JSI seminar : What does it mean to 'offend', 'insult' 'humiliate' and 'intimidate'?

24 August 2017


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JSI seminar: What does it mean to 'offend', 'insult' 'humiliate' and 'intimidate'? Section 18C of the Racial Discrimination Act(Cth) and the problem of harm

Speaker: Dr Sarah Sorial, University of Wollongong

There has been significant public debate about the wording of section 18C of the Commonwealth Racial Discrimination Act (RDA), specifically in relation to the words "offend" and "insult." The inclusion of these words in the offence, it is argued, is not only too broad and too vague, but also unduly restricts freedom of speech. Part of the problem is that the legislation does not define the key terms - offend, insult, humiliate and intimidate, or establish a harm threshold - and so leaves itself open to the charge that it is too imprecise to have any meaningful legal content.

In this paper, Sarah Sorial takes up this definitional challenge with reference to Joel Feinberg's discussion of harm and its relation to hurt and offense. She argues that while the terms offend, insult, humiliate and intimidate may be conceptually different, and may not necessarily cause harm in and of themselves, they are in fact closely interrelated. Words that offend, insult, intimidate or humiliate, when uttered in particular contexts, can and do cause harm. Harm is defined in terms of setbacks or damage to a person's interests and can be understood in both an objective and subjective way. Dr Sorial argues that because there are compelling reasons for restricting speech that causes harm more generally, and because speech that offends, insults, humiliates and intimidates, can also cause harm (as she will demonstrate), there is nothing unduly restrictive about s18C in its current form.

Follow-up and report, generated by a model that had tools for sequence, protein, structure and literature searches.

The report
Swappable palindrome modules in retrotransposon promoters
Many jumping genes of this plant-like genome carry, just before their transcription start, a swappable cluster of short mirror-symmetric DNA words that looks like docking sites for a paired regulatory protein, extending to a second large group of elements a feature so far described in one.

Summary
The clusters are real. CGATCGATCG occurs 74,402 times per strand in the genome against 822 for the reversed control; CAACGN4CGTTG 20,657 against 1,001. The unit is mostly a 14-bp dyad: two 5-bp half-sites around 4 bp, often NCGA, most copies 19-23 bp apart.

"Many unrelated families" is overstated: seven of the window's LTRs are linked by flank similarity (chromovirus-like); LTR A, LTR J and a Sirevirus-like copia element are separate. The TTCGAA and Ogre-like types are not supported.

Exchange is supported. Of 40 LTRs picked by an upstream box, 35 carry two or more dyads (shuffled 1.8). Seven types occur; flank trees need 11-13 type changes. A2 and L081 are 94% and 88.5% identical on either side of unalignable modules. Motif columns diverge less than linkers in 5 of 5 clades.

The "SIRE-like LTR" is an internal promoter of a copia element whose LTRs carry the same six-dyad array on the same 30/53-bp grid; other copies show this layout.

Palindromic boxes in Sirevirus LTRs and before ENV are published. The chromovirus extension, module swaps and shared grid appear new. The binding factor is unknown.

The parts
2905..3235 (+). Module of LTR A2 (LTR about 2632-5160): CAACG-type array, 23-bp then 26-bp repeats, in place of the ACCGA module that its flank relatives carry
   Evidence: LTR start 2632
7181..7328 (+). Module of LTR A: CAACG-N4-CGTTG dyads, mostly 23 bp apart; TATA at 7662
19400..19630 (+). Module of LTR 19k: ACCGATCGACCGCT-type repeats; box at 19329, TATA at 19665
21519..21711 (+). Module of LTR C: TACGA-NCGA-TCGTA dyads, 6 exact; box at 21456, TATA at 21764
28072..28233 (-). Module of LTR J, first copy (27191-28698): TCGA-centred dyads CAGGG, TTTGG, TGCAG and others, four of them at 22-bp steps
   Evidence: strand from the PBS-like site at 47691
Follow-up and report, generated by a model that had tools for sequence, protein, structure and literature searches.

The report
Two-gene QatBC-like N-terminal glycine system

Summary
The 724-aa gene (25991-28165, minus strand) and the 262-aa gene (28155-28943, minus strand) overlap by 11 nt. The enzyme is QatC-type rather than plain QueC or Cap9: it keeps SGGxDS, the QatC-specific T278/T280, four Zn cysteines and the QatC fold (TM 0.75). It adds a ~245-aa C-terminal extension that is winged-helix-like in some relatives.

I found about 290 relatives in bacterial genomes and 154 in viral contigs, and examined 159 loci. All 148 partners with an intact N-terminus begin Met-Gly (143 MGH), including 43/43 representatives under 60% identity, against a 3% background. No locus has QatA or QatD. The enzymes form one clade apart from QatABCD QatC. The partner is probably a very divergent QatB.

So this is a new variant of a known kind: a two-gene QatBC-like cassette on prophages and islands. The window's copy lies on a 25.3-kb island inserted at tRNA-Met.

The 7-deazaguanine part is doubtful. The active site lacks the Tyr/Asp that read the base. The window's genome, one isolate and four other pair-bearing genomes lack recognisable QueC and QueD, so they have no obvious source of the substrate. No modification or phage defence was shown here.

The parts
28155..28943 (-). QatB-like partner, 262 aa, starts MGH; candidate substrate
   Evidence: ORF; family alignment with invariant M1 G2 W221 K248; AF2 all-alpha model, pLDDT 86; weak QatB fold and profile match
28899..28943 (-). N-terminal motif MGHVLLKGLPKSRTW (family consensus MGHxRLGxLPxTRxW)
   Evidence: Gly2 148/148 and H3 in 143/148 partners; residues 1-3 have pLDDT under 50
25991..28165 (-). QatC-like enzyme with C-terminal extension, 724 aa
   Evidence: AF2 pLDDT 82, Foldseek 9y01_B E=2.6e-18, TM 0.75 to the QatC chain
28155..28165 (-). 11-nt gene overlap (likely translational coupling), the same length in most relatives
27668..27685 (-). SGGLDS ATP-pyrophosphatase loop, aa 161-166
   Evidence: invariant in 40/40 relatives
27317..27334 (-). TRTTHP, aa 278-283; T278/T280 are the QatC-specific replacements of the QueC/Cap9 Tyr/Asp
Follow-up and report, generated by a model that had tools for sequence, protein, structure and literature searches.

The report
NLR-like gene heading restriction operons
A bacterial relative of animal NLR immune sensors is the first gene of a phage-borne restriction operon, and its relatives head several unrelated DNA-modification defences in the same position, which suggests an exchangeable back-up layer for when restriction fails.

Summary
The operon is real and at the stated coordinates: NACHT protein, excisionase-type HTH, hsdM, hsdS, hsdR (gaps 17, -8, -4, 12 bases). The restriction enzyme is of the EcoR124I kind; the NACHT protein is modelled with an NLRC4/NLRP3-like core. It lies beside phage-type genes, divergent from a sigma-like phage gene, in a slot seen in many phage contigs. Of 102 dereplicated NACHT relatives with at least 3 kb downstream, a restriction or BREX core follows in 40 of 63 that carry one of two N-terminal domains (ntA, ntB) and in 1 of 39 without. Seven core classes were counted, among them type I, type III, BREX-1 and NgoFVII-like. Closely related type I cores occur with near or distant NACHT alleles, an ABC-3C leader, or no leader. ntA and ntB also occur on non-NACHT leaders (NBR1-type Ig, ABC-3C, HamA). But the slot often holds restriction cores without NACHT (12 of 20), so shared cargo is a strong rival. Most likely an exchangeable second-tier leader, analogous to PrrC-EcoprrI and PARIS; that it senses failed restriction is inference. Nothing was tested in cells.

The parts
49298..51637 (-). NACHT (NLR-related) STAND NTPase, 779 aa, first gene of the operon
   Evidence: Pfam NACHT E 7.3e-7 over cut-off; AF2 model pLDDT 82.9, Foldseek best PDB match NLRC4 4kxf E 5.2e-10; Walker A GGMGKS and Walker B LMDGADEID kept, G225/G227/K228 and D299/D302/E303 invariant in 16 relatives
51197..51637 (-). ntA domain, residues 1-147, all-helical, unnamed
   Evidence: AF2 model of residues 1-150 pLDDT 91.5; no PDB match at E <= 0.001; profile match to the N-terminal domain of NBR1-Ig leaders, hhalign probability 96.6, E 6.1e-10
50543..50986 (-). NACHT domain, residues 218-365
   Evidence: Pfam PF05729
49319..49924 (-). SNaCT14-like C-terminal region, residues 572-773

About the Speaker

Dr Sarah Sorial is a senior lecturer in the Philosophy Program in the Faculty of Law, Humanities and Arts. Between 2008-2011, she was an ARC Post Doctoral Research Fellow at Macquarie University (2008) and The University of Wollongong (2009-11). Sarah completed her undergraduate degrees in philosophy and law at Macquarie University. She was awarded her PhD in philosophy from The University of New South Wales in 2006. Sarah has also taught at Macquarie University and UNSW. Sarah's research specialization is primarily at the intersection of political philosophy and philosophy of law. The focus of her current project is on the limits of free speech and deliberative democracy. Other recent publications are concerned with issues in rights theory, feminism and phenomenology.

CPD Points: 2

Time: 6-8pm

Location: Common Room, Level 4, New Law Building (F10), Eastern Avenue, Camperdown, University of Sydney

Cost: Free, however registration is required

Contact: Professional Learning & Community Engagement

Phone: 02 9351 0429

Email: 2f0c24412c261c04101c2c2a3f0300262b480f01224a0627